can be so Maybcrryesque. Glancing
through some weekly papers, you'll
unearth an endless supply of those
little nuggets of rural journalism,
such as these I found after 10 whole
minutes of searching.
?"Entrance to 'The Hole' has
been sealed, and parr/goers in the
Lickskillet community will have to
find another place to gather."
?A weekly school lunch menu
that included "fish shapes with tartar
sauce and cornbread" on one day,
"pork chopctte with roll" on another
and "tater tots" on no less than three
?From the social news: "Dr.
James Little Jr. and his daughter,
Sally, vacationed in the Bahama
Islands last week. Each child gets a
trip when she is a senior in high
school." Well, la-de-da!
?Item under the "Food for the
Body and for the Soul" column:
"Ladies, before you put on nail pol
ish, rinse your nails with vinegar.
This will clean them completely and
help the nail polish stay on longer."
?Headline on a story contributed
by the local agriculture extension
agent: "Goats make good kudzu
?And, of course, the Farm
Market Report: "Egg prices were
higher on medium and large and
steady on smalls compared to those
of the previous week. Supplies were
adequate. Demand was moderate."
Much of that material is what you
bring to us to share with your neigh
bors. And it's often what makes you
pick up a paper and read it?not be
cause you're expecting to unravel
the great conundnim of life, but be
cause might contain some tasty lit
tle surprises that relate to you.
Like a picture of your kid's scout
Or a write-up about your bowling
Or vow mother-in-law's name in
the court docket.
We make a special place for our
opinions, too, not just because we
have so much pontificating to do,
but bccausc it's part of our responsi
bility to the community to try to
give you something to think about.
We have our reporters write col
umns bccausc we like for you to
think of them as people (even if they
don't always behave accordingly).
We don't expect, or even neces
sarily want, you to agree. Opinions
are like glass bowls. Everybody's
got one and they're not all alike.
So keep those cards and letters
coming, even the slings and arrows.
(Just remember that if you don't
have the guts to sign your name, Mr.
Calabash Resident Korean War
Veteran Conservative Smart Person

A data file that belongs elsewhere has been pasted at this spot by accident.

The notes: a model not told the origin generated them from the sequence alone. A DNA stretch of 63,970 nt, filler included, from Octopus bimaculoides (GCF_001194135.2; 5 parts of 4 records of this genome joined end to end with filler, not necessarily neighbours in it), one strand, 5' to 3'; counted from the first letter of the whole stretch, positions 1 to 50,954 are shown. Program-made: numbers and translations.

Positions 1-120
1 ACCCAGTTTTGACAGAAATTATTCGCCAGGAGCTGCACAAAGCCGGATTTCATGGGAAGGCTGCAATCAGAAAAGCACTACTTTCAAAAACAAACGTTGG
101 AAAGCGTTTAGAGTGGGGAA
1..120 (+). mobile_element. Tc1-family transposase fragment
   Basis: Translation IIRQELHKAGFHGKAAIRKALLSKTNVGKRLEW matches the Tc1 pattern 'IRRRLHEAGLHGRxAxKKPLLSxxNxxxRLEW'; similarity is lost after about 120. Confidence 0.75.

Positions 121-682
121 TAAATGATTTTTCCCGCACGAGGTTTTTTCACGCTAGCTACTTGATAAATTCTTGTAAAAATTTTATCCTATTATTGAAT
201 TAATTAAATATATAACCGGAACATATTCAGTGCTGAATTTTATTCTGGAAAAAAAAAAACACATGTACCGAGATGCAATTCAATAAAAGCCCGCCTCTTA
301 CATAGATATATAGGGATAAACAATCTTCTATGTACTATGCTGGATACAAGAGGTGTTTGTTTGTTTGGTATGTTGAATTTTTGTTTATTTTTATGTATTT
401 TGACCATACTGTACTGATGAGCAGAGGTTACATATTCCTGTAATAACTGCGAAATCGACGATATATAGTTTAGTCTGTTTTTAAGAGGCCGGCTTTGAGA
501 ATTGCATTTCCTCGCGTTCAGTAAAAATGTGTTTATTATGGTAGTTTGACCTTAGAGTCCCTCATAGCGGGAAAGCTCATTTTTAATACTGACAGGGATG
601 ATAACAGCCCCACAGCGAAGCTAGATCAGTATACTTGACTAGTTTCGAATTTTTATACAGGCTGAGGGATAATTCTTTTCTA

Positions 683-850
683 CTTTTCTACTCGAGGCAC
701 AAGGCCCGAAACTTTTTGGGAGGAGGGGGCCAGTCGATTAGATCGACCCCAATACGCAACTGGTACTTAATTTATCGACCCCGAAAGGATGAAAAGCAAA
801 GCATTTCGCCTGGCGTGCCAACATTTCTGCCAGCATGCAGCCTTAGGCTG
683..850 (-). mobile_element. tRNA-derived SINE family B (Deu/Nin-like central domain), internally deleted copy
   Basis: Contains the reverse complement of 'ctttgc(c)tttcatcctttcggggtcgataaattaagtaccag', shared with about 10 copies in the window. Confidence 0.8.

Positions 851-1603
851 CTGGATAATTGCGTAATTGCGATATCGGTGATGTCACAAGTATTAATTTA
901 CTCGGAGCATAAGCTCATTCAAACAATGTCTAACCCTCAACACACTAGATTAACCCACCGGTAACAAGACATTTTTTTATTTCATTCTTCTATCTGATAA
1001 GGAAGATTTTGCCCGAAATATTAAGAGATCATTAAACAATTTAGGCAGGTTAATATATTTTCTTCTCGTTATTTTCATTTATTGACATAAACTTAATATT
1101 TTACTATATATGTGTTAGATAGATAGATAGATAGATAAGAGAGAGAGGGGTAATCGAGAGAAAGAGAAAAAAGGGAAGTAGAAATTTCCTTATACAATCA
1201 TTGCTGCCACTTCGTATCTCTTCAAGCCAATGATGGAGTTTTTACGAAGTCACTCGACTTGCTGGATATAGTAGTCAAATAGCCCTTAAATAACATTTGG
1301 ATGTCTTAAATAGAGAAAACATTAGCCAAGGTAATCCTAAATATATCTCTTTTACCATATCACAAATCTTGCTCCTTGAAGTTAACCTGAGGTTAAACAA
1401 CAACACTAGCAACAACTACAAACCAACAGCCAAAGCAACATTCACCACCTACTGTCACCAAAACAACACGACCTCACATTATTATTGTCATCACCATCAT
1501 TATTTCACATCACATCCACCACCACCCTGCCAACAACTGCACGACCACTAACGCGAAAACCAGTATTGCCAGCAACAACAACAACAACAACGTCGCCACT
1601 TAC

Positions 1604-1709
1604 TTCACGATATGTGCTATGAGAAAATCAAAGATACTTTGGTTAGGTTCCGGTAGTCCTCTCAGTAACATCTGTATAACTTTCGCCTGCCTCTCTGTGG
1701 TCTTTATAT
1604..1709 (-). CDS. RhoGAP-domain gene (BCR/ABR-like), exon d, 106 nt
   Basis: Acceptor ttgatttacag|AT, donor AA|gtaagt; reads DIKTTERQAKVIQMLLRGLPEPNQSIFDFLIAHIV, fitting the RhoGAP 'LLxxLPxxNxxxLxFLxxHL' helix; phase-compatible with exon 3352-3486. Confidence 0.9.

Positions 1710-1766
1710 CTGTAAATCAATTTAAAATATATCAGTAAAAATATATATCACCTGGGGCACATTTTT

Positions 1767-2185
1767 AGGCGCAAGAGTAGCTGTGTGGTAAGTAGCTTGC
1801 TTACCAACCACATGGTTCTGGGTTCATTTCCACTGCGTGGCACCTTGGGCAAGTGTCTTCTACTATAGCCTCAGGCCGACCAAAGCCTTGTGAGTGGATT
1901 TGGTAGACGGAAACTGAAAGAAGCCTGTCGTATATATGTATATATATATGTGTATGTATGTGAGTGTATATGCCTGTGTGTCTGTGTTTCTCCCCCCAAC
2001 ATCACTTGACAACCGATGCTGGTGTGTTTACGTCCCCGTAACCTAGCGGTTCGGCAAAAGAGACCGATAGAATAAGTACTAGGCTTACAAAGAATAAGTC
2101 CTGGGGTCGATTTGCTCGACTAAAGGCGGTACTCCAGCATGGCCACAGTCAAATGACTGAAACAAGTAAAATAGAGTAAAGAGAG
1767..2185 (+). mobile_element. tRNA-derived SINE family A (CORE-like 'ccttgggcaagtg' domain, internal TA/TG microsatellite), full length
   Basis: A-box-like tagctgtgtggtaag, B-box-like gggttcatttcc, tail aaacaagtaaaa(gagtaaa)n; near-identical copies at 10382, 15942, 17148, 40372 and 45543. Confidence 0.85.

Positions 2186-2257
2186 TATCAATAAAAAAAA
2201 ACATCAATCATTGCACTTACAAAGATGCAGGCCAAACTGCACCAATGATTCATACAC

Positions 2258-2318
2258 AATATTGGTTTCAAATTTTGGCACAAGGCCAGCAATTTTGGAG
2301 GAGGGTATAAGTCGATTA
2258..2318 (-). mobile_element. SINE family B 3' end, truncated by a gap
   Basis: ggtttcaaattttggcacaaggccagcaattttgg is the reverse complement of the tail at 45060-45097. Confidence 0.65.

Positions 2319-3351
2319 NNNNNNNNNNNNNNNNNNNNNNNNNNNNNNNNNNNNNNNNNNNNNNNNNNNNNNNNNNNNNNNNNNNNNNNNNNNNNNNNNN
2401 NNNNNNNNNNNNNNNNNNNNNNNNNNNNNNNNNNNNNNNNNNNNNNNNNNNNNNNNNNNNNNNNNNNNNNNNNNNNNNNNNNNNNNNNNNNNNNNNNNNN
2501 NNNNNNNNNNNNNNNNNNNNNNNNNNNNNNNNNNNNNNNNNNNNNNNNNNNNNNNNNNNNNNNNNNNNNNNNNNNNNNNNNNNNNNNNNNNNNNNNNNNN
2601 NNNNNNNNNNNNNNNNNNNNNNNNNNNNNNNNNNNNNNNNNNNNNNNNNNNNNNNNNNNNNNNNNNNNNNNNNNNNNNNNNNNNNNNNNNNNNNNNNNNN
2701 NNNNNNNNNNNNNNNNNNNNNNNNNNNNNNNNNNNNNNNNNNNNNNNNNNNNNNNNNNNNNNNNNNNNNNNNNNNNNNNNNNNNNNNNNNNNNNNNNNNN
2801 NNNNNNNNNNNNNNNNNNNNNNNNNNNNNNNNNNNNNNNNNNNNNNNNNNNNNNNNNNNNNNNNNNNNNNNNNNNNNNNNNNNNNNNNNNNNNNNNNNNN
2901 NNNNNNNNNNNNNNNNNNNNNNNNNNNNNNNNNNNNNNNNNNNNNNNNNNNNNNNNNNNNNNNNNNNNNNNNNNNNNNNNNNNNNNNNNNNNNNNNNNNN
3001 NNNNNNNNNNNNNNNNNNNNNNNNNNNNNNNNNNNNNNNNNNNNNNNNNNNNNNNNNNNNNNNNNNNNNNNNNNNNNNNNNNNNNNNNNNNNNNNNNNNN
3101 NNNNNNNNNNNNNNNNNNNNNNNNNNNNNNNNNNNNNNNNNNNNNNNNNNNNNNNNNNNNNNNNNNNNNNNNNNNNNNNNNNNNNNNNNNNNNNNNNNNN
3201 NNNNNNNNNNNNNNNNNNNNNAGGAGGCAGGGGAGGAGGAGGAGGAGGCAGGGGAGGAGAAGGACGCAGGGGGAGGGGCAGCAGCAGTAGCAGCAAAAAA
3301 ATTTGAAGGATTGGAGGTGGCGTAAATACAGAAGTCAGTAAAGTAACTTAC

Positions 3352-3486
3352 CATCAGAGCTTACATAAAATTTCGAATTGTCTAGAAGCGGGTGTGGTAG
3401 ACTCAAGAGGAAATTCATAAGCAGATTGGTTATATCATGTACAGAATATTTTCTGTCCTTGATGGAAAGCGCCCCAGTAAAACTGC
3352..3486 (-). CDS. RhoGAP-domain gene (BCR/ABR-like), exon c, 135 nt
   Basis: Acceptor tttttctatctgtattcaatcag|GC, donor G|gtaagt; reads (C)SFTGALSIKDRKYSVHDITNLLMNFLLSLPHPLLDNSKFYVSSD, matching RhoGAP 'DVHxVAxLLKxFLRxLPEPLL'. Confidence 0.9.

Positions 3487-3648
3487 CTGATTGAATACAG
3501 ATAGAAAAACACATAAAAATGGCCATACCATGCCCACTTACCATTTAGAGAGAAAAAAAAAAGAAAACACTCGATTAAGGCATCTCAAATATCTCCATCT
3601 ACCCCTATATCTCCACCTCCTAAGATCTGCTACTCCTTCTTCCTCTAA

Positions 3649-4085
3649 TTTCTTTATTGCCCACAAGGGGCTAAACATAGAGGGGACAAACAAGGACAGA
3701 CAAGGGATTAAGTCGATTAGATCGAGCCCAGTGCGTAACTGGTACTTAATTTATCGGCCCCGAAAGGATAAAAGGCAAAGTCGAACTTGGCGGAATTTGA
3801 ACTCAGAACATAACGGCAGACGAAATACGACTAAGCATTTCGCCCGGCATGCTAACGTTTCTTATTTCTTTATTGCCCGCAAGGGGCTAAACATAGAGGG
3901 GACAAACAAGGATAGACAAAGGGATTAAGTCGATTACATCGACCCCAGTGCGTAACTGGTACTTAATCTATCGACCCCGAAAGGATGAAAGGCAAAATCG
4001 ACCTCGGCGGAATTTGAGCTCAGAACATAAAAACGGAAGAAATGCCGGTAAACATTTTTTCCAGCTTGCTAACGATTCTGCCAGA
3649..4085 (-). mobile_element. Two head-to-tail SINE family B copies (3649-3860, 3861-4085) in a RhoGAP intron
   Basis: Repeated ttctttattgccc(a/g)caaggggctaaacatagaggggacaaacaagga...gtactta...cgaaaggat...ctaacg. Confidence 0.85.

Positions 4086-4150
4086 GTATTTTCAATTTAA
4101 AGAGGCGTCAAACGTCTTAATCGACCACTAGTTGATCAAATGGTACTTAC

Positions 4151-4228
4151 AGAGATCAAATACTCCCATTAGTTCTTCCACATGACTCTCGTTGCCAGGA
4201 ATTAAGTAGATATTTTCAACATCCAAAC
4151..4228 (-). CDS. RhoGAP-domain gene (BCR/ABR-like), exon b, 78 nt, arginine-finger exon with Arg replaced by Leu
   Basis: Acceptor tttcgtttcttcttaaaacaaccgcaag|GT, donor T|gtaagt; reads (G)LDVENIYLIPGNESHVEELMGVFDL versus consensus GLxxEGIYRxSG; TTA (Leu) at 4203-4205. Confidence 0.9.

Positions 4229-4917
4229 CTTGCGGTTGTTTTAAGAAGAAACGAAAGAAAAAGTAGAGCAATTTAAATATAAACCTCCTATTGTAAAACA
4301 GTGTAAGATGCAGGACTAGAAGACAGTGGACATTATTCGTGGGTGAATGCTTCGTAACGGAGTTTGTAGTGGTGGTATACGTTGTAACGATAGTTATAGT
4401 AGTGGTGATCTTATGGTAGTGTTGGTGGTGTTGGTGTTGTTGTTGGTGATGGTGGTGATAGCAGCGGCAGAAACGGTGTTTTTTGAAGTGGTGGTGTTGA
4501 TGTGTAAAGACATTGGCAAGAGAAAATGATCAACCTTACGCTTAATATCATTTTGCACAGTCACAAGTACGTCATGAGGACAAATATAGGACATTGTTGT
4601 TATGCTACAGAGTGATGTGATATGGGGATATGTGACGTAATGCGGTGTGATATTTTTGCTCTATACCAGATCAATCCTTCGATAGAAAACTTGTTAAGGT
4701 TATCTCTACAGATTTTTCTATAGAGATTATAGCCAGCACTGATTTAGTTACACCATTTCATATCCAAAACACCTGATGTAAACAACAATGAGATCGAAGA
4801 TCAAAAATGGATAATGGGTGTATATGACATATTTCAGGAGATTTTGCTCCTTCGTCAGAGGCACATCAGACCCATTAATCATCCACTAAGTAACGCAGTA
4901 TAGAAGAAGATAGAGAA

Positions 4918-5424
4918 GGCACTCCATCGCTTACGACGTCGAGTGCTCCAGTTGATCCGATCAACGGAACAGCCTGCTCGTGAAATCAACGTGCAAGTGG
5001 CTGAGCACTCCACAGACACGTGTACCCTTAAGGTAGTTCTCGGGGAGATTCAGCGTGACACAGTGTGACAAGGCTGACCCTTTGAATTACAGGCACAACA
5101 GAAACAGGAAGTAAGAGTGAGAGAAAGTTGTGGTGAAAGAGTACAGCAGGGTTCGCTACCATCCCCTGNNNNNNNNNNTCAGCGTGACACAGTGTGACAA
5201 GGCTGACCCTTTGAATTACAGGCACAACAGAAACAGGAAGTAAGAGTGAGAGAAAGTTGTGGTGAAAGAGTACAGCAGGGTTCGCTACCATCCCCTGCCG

who finds me to be a "liberal social
democrat of the 1960's wacko gen
eration," your letter goes directly in
to the circular file.)
In the meantime, we'll try not to
be too "daggy." Whatever that
LETTERS TO THE EDITOR
Parents Must Be Responsible
For Helping Children Learn
To the editor:
I've never written a letter to an
editor before. But I feel very deeply
about where and how we live and
about our young people in this coun
Week after week 1 read about the
problems with the education in our
schools. 1 read about the superinten
dent, the principals and teachers and
about how they aren't doing a good
But 1 don't read or see much em
phasis being put where the real
problem lies. That is right square on
the shoulders of the parents.
Who held a gun on the girl and
boy to make them become parents?
Who told them to bring a child into
the world for someone else to pro
vide food, home and education for?
Parents have to accept full re
sponsibility for their children's
needs until they arc old enough to
accept responsibility for themselves.
Children need and have a right to
expcct their parents to provide them
with a clean place to live, clean food
to eat, and clean clothes to wear.
They also have a right to have a
parent to help them learn to read and
do their homework every day. Our
teachers then would have children
they could help to gain a higher edu
cation, which is what they arc taught
and paid to do.
Then, as citizens, we will find we
will have higher scores in our educa
tion fields and less crime in our
neighborhoods. Then we can begin
to enjoy our well-adjusted, educated
children and grandchildren. Yes, it
all starts with the boy and girl who
made the baby.
So get off the superintendent,
principals and teachers' backs and
back in the mirror. Find our cause
and you will find our cure.
Steinem To Blame
To the editor:
Concerning the controversy going
on in your letters to the editor col
umn, 1 think there arc a few things
that need to be said about the battle
between male and female that has
been going on all over the country
for about 30 years or more.
The hatred that has been created
during that time is brand new to our
society. Only a few years ago a man
would not even say the word
"damn" in front of a woman. A
woman was the most highly respect